Helping people with computers... one answer at a time.
It's not uncommon to feel like the internet is slowing down. Determining if it's your ISP's fault is possible, but it needs to be done carefully.
I live in rural Arkansas and I have been paying for DSL at a premium. Most of the time, however, my system runs like dial-up rather than DSL. How can I check to see if I am actually getting what I am paying for?
There are many things that factor into the speed that you actually get from your internet connection. If you read the fine print on most ISP agreements, they're quoting you a maximum speed, not a minimum, and there is no guarantee of throughput.
Nonetheless, if you're paying for 1.5 megabits and you're only getting 33 kilobits on average, then it's time to talk to the provider.
I'll look at some of the reasons that speed might vary and, of course, show you a quick way to test.
The simplest way that I've found to get a quick read on how my internet connection is fairing is to simply visit a site like Speakeasy's speed test. That'll test both your download and upload speed and present you with the results.
Here are the results that I just got:
On the surface, it looks like I'm not getting what I'm paying for - my T-1 should be giving me 1.544 Mbps both down and up. This test looks like about half that.
But I'm not calling my provider just yet.
After getting those results, I did a quick little inventory and discovered that I have 12 devices connected to my network, all sharing that single internet connection (five desktops, four laptops, a WebTV, my DirecTV recover and my Android phone).
It's not surprising that I'm not seeing full speed, as it only takes one of those devices performing a download to cut my effective speed in half.
Granted, my case is a little extreme, but it raises one of the most important points about speed testing: other devices sharing that connection will impact your results. It's also easy to forget about some of them, such as your phone or DVR.
If you need an absolute test, you must disconnect everything from the network except for one PC to perform the test.
When I first got my T-1 line, I definitely tested to make sure that I was getting what I paid for, right down to disconnecting everything except for one computer. While my download speed was great, the upload speed wasn't.
I ended up calling the provider. A technician showed up and ran the test herself only to find that the speed was in fact correct both up and down.
I was running Firefox and she was running Internet Explorer. When I re-ran the test using IE, I got the same, correct results.
The lesson here isn't to use IE for your tests (recent releases of Firefox run that test more consistently), but rather to be aware of what else is running on the machine when you run the test, as well as trying different browsers, perhaps with add-ons disabled, if you run into unexpected results.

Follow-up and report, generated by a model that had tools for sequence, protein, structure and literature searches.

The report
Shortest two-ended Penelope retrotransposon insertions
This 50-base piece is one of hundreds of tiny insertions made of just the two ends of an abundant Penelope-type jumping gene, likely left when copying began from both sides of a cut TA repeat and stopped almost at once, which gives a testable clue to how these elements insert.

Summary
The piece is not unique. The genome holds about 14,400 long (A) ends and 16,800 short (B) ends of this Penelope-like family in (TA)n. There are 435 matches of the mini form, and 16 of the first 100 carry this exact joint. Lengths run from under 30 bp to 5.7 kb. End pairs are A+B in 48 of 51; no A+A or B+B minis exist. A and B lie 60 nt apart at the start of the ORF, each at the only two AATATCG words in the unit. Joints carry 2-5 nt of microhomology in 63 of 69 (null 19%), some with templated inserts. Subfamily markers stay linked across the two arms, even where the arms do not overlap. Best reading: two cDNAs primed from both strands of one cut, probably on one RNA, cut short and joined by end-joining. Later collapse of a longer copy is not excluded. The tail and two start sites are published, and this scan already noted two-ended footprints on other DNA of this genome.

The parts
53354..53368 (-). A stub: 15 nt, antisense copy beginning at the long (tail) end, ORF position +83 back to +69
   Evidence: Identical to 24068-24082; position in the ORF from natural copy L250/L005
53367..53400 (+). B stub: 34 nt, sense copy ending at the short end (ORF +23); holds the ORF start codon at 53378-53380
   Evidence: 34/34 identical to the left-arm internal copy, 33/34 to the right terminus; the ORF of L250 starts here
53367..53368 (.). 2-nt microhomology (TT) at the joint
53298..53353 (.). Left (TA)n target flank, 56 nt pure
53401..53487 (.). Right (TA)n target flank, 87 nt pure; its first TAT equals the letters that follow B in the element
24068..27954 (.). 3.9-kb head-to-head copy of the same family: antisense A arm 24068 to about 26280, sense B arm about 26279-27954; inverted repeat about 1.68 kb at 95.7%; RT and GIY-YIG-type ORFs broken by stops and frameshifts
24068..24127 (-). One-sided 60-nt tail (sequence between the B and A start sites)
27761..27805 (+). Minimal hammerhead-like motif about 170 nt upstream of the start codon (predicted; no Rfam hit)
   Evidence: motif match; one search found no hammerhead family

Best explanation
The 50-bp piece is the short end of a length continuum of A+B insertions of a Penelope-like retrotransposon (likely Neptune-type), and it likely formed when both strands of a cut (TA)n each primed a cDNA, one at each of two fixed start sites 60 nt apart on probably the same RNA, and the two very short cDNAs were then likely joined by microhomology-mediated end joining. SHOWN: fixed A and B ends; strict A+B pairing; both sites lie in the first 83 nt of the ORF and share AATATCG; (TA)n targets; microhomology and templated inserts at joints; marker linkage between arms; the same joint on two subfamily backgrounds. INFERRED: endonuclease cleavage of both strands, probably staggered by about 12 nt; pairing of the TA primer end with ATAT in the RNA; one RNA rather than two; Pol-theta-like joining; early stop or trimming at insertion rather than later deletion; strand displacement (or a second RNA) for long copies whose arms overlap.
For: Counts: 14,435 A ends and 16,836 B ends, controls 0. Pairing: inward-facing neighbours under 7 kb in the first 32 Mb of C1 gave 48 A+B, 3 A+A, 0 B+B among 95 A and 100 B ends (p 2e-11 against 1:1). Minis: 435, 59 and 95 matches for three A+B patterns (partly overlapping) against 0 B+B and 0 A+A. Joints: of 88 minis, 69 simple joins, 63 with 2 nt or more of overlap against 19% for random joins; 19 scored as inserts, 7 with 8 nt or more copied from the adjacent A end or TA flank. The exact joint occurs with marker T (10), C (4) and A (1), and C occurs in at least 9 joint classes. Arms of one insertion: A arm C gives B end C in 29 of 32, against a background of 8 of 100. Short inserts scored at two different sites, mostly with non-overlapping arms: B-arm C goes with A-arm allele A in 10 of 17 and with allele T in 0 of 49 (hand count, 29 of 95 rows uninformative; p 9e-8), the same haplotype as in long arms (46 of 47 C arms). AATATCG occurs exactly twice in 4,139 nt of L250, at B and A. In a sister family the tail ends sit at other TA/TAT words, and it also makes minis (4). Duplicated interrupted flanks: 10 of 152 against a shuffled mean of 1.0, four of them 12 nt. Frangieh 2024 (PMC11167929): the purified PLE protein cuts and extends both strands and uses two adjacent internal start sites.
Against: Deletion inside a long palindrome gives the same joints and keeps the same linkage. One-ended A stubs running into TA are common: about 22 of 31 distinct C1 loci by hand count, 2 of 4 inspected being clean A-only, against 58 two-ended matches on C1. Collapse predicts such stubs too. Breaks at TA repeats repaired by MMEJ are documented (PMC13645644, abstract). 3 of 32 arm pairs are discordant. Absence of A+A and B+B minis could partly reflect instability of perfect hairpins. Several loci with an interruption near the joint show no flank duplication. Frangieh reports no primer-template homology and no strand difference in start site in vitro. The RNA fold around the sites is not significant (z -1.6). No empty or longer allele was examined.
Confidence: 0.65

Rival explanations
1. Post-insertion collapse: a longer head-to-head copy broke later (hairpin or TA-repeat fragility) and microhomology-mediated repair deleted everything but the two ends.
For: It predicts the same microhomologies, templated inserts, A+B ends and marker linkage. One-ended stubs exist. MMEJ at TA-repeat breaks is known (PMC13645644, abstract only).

Particularly, if you're running the test over a wireless connection, there are many things that could be interfering with the test. When testing an internet connection for speed, or anything else for that matter, it's best to use a wired connection to eliminate these issues.
Another potential problem is the wiring in or to your house. Years ago, I had an intermittent internet connection that was eventually traced down to water corroding the phone line between the street and my house. At the time, that phone line was carrying my DSL connection. Similar issues can easily manifest as underperforming internet connections.
This is particularly true of cable internet connections where bandwidth is often shared between several customers.
The same concept applies to all internet connections. At some point, your internet connection is combined with those of other customers. If they suddenly begin making heavy use of the internet, the speed of your connection could be impacted.
This is one of the reasons that many ISPs disallow peer-to-peer file sharing; it's notorious for using lots of bandwidth.
Of course, this is the main reason for running the test in the first place - to confirm that the ISP is delivering on their implied promise.
ISPs face a tough problem because it's impossible to provide enough infrastructure at anything close to a reasonable cost where everyone could use the full capacity of their connection at the same time.
Consider the telephone system: if everyone picked up their landline handset at the same time, only a scant few would actually get dial tone. The phone system simply doesn't have the capacity to provide connections to all of their customers simultaneously. They rely on the fact that rarely, if ever, are a significant percentage of their customers on the phone at the same time.
ISPs do the same thing.
Similarly the quality of equipment they use, the size of their own upstream connection to other ISPs or the internet, and even the architecture of their own network infrastructure can all affect their ability to deliver consistent speed.
And I'm assuming that the quality of what they provide might well have an impact on your ability - or desire - to continuing paying for their service.
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